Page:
Organisers of some of the growing number of Disability Pride events being held across the country have explained why they are so important to disabled people.
On Saturday 14 July, the second Disability Pride Brighton will take place, followed two months later, on 16 September, by a Disability Pride celebration in Norwich.
They follow Disability Pride events that took place last December in York and Bromley, south London, both organised around the UN’s International Day of Persons with Disabilities (IDPD).
The first Disability Pride Brighton took place last year, and was founded by disabled campaigner Jenny Skelton, who decided to hold an awareness-raising event in the city after one of her three adopted disabled children was thrown out of a pub because of her impairment.
Skelton said: “I think it is essential that disabled people can have pride in who they are and that disability discrimination awareness continues to be raised.”
She said she would like to see an annual Disability Pride festival in every city*.
She said: “I believe that Disability Pride is such an obviously great thing and people are realising that it is essential to be able to celebrate being who they are.
“People have heard about Disability Pride events and want to hold their own, which can only be a wonderful step towards eradicating disability discrimination.”
This year’s Disability Pride Brighton, which will again be run by disabled people, aims to raise awareness of disability, reduce isolation for disabled people, and “engage with and inform the non-disabled community, whilst hosting a great day out”.
A parade along Brighton’s promenade will be led by carnival band Unified Rhythm. More than four-fifths of the band’s members are disabled.
The event will be opened by disabled artist Alison Lapper, Skelton and Brighton’s mayor, Dee Simson, with attractions including live music, performances and speeches by disabled people, and work by disabled artists.
Funding has come from organisations including Sussex Community Foundation, Brighton & Hove Buses, and People’s Health Trust.
Norfolk’s Disability Pride event will also feature a parade and celebrate disabled people and the diversity of the community, and will showcase local disabled artists, performers and speakers.
It is being run at The Forum, in Norwich, by the disabled people’s organisation Equal Lives, in partnership with The Forum, Norwich City Council, Norfolk County Council and University of East Anglia.
Other events will take place before and after the day itself, including a performance on 12 September of A Very Queer Nazi Faust (pictured), an experimental participatory performance created by Norfolk-based poet, artist and disability rights campaigner Vince Laws, which highlights issues around cuts to disability benefits and also celebrates gay rights.
Penny Parker, membership development officer at Equal Lives, said: “We want to get the message out there that we are disabled people and proud of it and no one should be afraid to be who they are.”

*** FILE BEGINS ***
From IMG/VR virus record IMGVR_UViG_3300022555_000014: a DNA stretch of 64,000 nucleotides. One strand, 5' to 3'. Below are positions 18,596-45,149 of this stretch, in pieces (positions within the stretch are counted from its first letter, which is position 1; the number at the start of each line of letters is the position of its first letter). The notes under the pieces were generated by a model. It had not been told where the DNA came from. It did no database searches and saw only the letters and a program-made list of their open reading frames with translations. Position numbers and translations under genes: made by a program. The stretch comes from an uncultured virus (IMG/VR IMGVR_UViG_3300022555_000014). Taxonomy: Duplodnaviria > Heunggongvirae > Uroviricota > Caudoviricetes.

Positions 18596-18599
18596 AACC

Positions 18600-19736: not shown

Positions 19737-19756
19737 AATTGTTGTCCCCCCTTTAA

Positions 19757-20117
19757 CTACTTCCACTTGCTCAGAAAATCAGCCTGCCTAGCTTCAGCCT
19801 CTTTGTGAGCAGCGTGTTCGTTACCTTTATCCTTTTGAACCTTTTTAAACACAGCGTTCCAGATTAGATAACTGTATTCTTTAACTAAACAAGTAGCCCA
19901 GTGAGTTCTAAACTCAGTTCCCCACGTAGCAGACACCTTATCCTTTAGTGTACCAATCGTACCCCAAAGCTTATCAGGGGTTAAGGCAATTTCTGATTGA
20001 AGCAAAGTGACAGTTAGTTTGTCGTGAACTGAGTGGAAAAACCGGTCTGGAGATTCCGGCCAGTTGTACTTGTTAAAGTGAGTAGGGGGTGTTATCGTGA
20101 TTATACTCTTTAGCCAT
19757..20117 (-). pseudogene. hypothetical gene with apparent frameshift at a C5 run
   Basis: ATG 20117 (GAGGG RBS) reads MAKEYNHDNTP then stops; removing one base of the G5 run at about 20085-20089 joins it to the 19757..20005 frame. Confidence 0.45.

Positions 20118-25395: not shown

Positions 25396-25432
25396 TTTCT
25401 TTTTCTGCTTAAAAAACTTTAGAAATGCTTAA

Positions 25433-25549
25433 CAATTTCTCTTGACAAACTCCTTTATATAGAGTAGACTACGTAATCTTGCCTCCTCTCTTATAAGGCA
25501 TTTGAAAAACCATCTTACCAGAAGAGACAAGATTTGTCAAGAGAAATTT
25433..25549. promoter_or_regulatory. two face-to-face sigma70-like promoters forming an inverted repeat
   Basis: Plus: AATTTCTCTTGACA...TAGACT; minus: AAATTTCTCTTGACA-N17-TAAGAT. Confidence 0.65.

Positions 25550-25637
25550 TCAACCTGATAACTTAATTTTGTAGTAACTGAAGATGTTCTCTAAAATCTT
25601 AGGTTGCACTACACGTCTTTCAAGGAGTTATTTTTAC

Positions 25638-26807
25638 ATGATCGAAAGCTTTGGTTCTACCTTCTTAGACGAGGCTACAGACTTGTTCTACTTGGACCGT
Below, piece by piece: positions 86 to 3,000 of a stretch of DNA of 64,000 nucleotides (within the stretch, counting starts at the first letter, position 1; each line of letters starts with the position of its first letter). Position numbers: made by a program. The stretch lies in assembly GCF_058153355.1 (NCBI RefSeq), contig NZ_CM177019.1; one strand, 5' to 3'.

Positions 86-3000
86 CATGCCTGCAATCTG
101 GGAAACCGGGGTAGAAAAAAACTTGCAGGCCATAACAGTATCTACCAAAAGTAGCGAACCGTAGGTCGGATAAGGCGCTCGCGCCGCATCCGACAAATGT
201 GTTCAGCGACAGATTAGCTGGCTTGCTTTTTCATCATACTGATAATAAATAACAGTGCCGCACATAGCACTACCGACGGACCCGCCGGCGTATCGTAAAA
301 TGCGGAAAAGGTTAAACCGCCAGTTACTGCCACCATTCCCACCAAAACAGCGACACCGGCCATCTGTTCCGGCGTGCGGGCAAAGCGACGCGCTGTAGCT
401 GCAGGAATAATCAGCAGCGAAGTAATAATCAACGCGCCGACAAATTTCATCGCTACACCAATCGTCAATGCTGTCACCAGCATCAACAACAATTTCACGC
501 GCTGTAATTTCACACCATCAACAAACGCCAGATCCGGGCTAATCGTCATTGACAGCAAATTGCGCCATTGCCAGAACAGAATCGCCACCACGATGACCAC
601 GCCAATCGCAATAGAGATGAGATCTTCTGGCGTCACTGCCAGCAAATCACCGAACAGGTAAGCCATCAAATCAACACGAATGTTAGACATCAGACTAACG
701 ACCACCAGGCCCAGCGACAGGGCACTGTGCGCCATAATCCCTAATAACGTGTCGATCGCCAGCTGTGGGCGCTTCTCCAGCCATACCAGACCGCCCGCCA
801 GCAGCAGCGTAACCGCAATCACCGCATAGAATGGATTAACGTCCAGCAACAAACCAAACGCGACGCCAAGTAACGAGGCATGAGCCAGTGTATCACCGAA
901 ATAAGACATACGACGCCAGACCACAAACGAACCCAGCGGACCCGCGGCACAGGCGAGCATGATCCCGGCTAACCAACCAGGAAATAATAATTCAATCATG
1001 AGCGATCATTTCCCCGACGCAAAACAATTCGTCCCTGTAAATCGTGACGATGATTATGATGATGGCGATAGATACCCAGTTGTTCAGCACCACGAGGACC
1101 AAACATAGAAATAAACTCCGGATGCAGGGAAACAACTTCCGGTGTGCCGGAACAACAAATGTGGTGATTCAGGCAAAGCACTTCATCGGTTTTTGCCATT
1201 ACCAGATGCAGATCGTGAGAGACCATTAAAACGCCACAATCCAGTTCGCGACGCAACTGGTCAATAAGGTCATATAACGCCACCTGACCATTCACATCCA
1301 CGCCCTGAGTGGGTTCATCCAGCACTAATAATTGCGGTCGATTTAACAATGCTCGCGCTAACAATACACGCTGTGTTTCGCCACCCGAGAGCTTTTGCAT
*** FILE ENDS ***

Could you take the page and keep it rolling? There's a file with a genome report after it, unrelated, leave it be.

She pointed to the “increasingly negative attitudes” towards disabled people that have arisen during the years of austerity, and she said that events like Disability Pride were “emerging to show a positive image of disability”.
She said: “Far from the workshy layabouts portrayed, disabled people are out there getting on with their lives, working, performing, dancing, taking part in sports, being parents, owning homes, going on holiday and all the other things that go with living an independent and fulfilling life.”
She added: “Disability Pride events are a way of raising awareness and encouraging disabled people to get out there and give things a go.
“They are also there to provide disabled people the support and adjustments to be able to do so.
“Our Disability Pride event is particularly keen to also promote the work of local groups and organisations who offer services, support and a huge range of activities and opportunities.
“Businesses are also a focus of our event as there is some excellent work going on to make products and services more accessible but too often the focus is on the businesses that are not doing anything.
“We hope that the positive demonstration of what can be achieved when businesses and disabled people work together will encourage other businesses to follow suit.”
It was about “being loud, proud and out there when it comes to disability, impairment and health conditions” and recognised “both the barriers, discrimination and exclusions disabled people face” and the contributions they make to their communities and societies.
Bromley Disability Pride also took place on 3 December and was organised by the user-led group Bromley Experts by Experience (Bromley XbyX).
It will be building on last year’s experience with another Disability Pride event in December.
Barry McDonald, peer development worker for Bromley XbyX, said: “If people can be proud to be LGBT+, we can be proud to be disabled.
“We deserve the same recognition and we have to start somewhere. The events are small but show that disabled people have talents and a voice – I think there is a growing demand for this and rightly so.
“Celebrating disability pride gives people a platform to be proud of themselves and not shy of showing that they have got talents.
“These events give disabled people an important and rare chance to grow as people in a supportive environment.
“This can help grow people’s self-esteem and confidence and bring out skills and ways to express themselves and their personalities in ways that can be difficult in day-to-day life due to the barriers we face.”
*Jenny Skelton is happy to offer advice to disabled people in other parts of the country who are considering setting up a Disability Pride festival. They can email her at: c[email protected]
Picture by Ann Nicholls